Wim Wenders, Wings of Desire (1987)

 

The original title of the film Wings of Desire is Der Himmel über Berlin (Sky Over Berlin); the English title beautifully captures the main antinomy present in the film – the one between spirituality and celestial purity and the carnal, eroticism and sensuality. In Marion’s character, the sensuality and existentalist wondering about being-in-the-world (Heidegger) are both present, she frequently asks herself questions of profound meaning; her character is authentic. She is beautiful, sensual and radiates eroticism of elegant stature.

Titian Angel

Tiziano Vecellio, Angel, 1520-1522

Note: Tiziano’s Angel beautifully embodies the aforementioned ideas of celestial purity and carnality; Tiziano’s nudes can be contrasted to his Annunciation; the erotic and the divine are equally important for his work

On the other side of the coin is Cassiel, an angel who is portrayed as the angel of Temperance is in the Renaissance art; he is one of seven Archangels. At the end of the film, when Nick Cave performs and the meeting between Marion and Damiel is about to happen, Cassiel turns himself against the wall in sadness and a hint of anger arises. The film is abundant with existentialist voice-overs, but the carnal and the erotic aspect enriches it and makes it similar to its photography. Black and white often turn into colour palletes of symbolic meanings; most of the last half an hour of the film is shot in colour – when Damiel becomes a man.

It is interesting that the tale of Genesis and a primordial river that emanated life is rather detached from religious narratives; beautiful shots of trees and water show the essence of life, its origin in the abundance of nature. It is symptomatic that water is the element which is presented as a spring of life, everything came into being from water. The character which is in spiritual communication with Cassiel is the Storyteller, a keeper of man’s memories and a well of creation. He admits that he is old, he longs for days long past, but through his words everything is preserved and new tales come into being.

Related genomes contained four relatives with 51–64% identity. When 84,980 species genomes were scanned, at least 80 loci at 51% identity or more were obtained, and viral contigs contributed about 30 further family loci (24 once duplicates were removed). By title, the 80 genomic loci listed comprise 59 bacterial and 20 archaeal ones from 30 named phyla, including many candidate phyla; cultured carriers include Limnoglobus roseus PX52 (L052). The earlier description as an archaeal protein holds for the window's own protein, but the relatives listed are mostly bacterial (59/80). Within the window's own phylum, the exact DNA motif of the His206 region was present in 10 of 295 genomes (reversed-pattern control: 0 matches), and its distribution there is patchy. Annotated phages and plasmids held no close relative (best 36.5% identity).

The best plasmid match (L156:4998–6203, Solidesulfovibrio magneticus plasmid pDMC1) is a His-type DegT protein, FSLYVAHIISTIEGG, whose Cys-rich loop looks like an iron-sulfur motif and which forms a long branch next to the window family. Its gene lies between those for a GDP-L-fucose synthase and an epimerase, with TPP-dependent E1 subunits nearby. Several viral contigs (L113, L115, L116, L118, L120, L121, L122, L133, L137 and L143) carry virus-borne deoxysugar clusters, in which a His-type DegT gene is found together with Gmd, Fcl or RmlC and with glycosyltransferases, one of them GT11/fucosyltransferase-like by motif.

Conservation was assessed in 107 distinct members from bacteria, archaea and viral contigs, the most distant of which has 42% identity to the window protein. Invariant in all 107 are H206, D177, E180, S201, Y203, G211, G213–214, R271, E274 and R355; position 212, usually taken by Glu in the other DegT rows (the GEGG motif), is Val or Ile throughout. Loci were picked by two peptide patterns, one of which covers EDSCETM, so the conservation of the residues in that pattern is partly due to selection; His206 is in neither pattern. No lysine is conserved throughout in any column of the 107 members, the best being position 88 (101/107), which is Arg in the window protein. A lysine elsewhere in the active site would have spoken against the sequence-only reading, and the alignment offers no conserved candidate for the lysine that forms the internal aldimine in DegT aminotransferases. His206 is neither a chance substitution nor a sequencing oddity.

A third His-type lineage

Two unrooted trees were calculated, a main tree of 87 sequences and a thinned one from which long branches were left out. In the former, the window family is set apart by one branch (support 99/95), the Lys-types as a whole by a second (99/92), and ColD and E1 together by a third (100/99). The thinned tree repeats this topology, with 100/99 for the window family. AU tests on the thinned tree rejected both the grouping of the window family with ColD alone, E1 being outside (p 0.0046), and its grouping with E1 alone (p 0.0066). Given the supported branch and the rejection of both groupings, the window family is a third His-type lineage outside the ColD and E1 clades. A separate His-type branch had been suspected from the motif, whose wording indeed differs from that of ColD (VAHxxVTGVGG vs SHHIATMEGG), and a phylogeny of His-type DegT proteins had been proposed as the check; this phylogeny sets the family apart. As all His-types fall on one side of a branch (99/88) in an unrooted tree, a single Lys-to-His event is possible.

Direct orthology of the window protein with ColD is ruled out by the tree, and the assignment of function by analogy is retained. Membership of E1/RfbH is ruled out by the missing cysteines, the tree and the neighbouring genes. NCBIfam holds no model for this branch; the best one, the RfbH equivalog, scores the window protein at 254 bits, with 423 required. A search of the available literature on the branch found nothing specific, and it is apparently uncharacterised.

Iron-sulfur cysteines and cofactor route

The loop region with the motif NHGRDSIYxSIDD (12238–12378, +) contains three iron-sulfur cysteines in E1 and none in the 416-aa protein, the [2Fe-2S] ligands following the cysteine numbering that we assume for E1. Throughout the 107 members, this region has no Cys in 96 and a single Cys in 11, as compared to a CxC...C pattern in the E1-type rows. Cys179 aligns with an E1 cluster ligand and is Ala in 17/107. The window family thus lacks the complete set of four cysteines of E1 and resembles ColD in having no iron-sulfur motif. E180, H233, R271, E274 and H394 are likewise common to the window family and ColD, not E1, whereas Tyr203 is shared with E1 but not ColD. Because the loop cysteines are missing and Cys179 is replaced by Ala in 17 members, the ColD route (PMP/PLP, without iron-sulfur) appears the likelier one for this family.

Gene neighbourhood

At the end of the film, Damiel and Marion meet and she has a monologue characteristic of Wenders’ work (Paris, Texas), she opens her soul to him, tells him that with him she can be lonesome, an idea that is associated with true companionship – “to be alone together”. Nick Cave performs in the background, we can hear his song “From Her To Eternity”, a song which contemplates suffering over a woman. One of the verses says:

But, Ah know, that to possess her,

Is therefore not to desire her.

 

Vigourous line:

 “When the child was a child, it walked with its arms swinging. It wanted the stream to be a river, the river a torrent and this puddle to be the sea. When the child was a child, it didn’t know it is a child, everything was full of life, and all life was one.”

Damiel

The Croatian novelist Vladan Desnica once wrote: “There was a multitude of religions and philosophies that claimed that a man has a soul, and that very soul is endless and immortal. It often seemed to me peculiar that never and nowhere there was a belief that a child has an endless and immortal soul, and later when it grows up, loses it.”

This Desnica’s belief can be compared to the main ideas of Wings of Desire. When Bruno Ganz’s character, the angel Damiel, listens to the thoughts of people, those thoughts are often banal and without substantial meaning, while the children who see him, smile at him and ask themselves profound questions. A phrase “When the child was a child” is a leitmotif of the film, it is often repeated; child has an endless soul and is entagled in much deeper existential questions than a grown man.

Children In the Sea

Joaquin Sorolla, Children in the Sea

A child is immersed into the world, the trees in the woods breath with life and life is similar to a dreamlike experience. Friedrich Nietzsche in his Thus Spoke Zarathustra tells a parable of transformation from a camel into a lion and then a child. A camel carries the burdens of the world on her back, the lion destroys those burdens, while the child has abundant creativity and carefree freedom for play. Heraclitus wrote: “Eternity is like a child playing at draughts, the kingdom belongs to a child.”

Hrvoje Galić

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